Elizabeth Goudge's Linnets and Valerians has long been one of my comfort reads. I have a battered old ex-library hardback, and I often dip in for a quick re-read of the best parts (any involving Uncle Ambrose). I didn't discover it until I was in college, and after I had read some of her other books, including The Dean's Watch, also a favorite. Goudge's books can be hard to find, or at least they were before the internet, and I still remember the thrill of getting my own copy of Linnets and Valerians.
A few years ago Goudge came up in discussions on the Georgette Heyer listserv I belong to, and several people recommended The Little White Horse as their favorite. I had never heard of it, but I found a copy in a bookstore and added it to the TBR pile, where it languished. Last week I sat down with Linnets and Valerians for a few minutes before bed, and that inspired me to pick up The Little White Horse again.
It is the story of Maria Merryweather, newly orphaned and sent off to live with her only surviving relative, her second cousin Sir Benjamin Merryweather, "in his manor-house of Moonacre in the village of Silverydew." I am a sucker for orphan's tales, no doubt due to early exposure to Rose Campbell, Anne Shirley and Sara Crewe.
I enjoyed this book in part because it kept me off balance. I thought I had a good idea of where the story was going, and in general I was right, but there were zigs and zags that took the plot in directions I wasn't expecting. Goudge also knows how to balance the sweet elements of the story, without letting them slip into saccharine (I admit, the names Moonacre and Silverydew initially gave me pause). As in Linnets and Valerians, she also weaves supernatural elements into the mundane, and pagan elements into Christian spirituality, even in clergymen like Uncle Ambrose or the Old Parson in Silverydew.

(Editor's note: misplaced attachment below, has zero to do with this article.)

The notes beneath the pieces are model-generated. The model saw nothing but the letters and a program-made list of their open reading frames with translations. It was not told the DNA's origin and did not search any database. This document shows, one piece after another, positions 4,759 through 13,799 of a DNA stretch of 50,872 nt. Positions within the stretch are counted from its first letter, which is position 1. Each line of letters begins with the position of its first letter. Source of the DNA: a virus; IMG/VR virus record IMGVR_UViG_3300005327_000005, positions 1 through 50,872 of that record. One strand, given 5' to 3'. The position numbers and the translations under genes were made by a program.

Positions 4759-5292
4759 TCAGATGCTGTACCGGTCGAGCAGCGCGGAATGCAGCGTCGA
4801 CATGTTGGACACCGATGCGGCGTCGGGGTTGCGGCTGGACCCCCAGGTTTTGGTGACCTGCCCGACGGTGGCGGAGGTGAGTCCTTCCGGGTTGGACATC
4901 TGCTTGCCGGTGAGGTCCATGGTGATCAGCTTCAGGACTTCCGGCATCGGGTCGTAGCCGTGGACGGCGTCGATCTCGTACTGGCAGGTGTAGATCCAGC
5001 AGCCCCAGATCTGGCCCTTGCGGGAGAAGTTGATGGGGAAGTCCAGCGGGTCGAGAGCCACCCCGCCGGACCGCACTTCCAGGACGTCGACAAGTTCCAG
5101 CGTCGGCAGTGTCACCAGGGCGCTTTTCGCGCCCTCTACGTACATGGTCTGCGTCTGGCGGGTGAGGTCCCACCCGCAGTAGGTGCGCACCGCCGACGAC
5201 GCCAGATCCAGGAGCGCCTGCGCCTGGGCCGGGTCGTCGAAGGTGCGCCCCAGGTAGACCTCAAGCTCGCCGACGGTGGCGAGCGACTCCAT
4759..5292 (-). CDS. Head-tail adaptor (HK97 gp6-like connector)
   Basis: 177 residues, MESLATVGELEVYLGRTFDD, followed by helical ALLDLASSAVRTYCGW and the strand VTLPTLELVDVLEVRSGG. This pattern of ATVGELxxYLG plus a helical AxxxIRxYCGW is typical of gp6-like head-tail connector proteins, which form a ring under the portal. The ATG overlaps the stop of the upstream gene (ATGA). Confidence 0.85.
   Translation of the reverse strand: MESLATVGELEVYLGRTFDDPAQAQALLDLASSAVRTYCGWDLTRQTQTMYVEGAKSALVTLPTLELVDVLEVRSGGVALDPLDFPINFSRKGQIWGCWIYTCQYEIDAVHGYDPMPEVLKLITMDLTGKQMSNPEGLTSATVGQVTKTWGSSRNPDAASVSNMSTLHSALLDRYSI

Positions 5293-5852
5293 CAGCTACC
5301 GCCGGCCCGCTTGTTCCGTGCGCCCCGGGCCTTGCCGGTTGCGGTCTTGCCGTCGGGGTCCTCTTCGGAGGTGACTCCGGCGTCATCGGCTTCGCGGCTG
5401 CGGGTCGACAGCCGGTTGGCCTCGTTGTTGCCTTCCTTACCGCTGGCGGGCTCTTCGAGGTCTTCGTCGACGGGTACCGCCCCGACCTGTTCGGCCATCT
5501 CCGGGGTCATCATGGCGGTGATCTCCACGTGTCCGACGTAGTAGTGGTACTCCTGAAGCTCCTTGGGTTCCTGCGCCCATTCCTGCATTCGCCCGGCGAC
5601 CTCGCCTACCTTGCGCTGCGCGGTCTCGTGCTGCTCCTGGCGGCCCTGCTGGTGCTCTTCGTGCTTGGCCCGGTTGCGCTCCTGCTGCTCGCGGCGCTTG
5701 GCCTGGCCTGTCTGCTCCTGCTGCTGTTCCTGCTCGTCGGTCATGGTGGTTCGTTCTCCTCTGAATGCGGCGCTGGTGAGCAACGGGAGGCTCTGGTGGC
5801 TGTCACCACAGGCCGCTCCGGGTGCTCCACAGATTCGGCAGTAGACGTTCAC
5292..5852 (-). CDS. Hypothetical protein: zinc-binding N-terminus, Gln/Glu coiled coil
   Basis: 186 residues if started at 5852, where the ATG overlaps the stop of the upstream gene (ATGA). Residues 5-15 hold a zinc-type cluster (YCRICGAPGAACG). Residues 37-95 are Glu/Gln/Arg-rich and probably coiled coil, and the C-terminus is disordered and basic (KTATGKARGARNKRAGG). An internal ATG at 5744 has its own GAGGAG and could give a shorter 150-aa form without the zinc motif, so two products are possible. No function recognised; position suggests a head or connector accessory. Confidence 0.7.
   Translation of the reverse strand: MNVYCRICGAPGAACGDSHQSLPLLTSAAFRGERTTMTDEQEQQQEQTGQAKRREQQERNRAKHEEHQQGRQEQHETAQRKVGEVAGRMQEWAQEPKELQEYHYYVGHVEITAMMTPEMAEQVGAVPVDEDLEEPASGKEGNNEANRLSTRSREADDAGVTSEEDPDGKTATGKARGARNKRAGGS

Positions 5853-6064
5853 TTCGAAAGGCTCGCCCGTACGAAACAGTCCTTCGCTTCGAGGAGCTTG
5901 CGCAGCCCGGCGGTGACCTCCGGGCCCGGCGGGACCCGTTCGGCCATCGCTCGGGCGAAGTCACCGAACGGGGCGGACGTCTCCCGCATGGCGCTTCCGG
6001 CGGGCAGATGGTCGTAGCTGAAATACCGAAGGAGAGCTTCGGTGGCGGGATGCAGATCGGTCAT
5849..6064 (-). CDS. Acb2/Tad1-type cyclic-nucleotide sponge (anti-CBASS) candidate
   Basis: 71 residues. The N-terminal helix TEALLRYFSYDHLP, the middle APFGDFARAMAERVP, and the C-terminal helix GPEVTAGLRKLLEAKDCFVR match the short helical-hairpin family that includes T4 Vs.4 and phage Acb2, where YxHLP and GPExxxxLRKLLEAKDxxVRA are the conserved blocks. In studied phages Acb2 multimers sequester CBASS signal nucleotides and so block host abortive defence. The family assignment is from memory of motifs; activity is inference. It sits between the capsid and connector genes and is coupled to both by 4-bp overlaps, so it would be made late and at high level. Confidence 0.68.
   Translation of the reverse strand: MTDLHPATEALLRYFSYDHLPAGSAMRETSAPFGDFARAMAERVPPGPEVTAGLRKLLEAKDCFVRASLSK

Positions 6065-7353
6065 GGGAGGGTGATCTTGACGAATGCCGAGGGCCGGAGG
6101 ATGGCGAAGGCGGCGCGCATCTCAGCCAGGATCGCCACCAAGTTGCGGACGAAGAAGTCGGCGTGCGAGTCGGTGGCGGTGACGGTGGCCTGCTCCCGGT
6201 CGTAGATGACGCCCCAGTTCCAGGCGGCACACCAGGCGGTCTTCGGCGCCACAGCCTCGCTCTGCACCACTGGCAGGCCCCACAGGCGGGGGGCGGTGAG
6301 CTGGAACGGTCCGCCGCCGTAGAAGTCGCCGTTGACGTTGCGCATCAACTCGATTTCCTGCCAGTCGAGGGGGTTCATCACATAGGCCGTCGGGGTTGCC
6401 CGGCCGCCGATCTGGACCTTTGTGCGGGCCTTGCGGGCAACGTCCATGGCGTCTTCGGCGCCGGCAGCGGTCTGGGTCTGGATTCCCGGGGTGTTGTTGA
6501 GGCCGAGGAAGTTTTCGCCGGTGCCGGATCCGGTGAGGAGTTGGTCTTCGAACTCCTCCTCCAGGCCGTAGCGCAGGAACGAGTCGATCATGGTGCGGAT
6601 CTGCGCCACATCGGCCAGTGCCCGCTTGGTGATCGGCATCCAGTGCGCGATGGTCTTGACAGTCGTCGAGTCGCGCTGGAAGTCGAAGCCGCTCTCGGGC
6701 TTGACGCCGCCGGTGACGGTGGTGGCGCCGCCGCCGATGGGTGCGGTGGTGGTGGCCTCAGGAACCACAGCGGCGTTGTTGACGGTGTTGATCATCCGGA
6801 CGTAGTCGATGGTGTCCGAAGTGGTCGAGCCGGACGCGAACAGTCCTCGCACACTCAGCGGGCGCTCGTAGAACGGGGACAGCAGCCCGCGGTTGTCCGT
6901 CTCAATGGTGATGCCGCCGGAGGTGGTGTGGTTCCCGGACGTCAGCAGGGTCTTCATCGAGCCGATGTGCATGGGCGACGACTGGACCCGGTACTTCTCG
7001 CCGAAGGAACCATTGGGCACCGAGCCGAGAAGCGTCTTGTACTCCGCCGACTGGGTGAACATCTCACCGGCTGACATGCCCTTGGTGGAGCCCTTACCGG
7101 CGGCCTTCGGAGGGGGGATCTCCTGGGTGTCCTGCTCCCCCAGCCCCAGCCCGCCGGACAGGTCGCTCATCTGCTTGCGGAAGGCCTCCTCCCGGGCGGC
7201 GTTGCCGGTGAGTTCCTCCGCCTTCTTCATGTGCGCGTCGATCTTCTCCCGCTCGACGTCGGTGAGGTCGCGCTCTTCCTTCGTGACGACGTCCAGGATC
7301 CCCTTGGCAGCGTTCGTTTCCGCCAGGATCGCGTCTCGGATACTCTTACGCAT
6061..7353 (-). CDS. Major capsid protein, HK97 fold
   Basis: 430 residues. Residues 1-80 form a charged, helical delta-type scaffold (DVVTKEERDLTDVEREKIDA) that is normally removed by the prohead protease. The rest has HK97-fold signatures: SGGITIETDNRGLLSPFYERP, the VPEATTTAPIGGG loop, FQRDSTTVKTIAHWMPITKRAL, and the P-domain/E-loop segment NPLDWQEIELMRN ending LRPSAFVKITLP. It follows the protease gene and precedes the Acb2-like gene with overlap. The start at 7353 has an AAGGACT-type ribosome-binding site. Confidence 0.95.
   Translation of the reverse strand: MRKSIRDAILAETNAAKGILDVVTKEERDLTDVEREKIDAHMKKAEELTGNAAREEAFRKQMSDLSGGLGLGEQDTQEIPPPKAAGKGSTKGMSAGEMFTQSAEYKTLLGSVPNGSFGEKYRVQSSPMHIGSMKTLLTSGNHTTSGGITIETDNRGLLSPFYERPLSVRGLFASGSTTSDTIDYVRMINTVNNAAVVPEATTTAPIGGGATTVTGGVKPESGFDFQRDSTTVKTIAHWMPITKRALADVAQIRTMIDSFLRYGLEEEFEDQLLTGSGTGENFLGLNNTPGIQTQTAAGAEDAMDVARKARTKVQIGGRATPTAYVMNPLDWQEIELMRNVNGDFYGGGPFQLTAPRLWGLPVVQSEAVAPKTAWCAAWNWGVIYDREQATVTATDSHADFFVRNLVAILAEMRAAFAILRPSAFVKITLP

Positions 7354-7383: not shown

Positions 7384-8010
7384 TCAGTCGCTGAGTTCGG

I do think, though, that Goudge didn't quite play fair with one character, Robin, who is initially introduced as a playmate of Maria's in London. Maria's governess Miss Heliotrope firmly believes Robin to be a figment of her imagination, and Maria just as firmly insists on his reality. Robin reappears in Silverydew, to Maria's delight. When she asks why he disappeared from London, he replies,
"We were getting too old for those children's games . . . Soon you would have been bored with them, and as soon as you had begun to be bored you wouldn't have believed in me any more. People only believe when they are interested. It was better to come away before you began to be bored."That to me suggested that Robin was imaginary, or a Puck-like sprite. When his true identity is revealed, he's a real person with roots in Silverydale. So how could boredom or disbelief change that? It's a small point, but it jarred in a book where so many other diverse elements mesh so seamlessly.
But that's a quibble, and in the end I did enjoy the story, and I can certainly see why it won the Carnegie Medal.